Spring 1960 • Vol. XXII No. 2 Fiction |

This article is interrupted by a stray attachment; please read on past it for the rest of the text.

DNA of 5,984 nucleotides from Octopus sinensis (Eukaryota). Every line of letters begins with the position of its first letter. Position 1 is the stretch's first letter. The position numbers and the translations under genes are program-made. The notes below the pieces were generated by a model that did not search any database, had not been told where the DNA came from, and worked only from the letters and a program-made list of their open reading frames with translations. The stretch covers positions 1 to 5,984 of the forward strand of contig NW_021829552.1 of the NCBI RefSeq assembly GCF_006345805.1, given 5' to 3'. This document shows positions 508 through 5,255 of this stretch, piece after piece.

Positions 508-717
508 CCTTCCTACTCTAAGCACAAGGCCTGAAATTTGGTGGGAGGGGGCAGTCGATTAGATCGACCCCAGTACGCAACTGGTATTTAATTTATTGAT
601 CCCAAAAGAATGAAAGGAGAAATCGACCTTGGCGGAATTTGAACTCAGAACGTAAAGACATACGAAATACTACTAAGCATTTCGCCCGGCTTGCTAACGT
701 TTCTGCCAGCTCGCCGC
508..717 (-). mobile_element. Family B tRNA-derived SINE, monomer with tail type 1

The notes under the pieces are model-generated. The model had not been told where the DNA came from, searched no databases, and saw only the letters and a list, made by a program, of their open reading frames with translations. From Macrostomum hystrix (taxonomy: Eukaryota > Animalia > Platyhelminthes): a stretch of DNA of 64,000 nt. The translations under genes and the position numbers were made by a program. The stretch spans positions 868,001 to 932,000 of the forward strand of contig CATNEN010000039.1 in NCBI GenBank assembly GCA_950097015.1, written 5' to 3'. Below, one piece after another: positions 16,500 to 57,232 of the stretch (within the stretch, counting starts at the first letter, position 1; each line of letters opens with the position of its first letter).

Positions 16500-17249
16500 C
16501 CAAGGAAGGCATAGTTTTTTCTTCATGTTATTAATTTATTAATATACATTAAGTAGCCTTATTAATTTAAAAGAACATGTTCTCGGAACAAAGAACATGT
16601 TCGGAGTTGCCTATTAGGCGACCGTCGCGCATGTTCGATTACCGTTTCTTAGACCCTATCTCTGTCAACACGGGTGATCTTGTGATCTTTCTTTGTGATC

Over the bar in the flat stone building which served as a combined Officers' Club and barracks at El Geneina there hung a sign which read: "In case of haboob settle acount before leaving." The captain, a solid muscular man, who stood alone trying to enjoy a can of weak flat beer, stared bemusedly at the belabored letters as though instead of seeing the sign every day for more than two years he had just discovered it. He wondered if many of the transient personnel whom one circumstance or another had detained here ever noticed the misspelling. He wondered how long before his coming the sign had been lettered, and if the painter had been one of the Sudanese employed on the station. The lettering commission would have presented Mohammed, or Ali—for surely he would have been so named—with a unique opportunity to display to his world at a single stroke his knowledge of English and his ability to paint the unfamiliar symbols, symbols so gross, so disunited and impersonal in comparison

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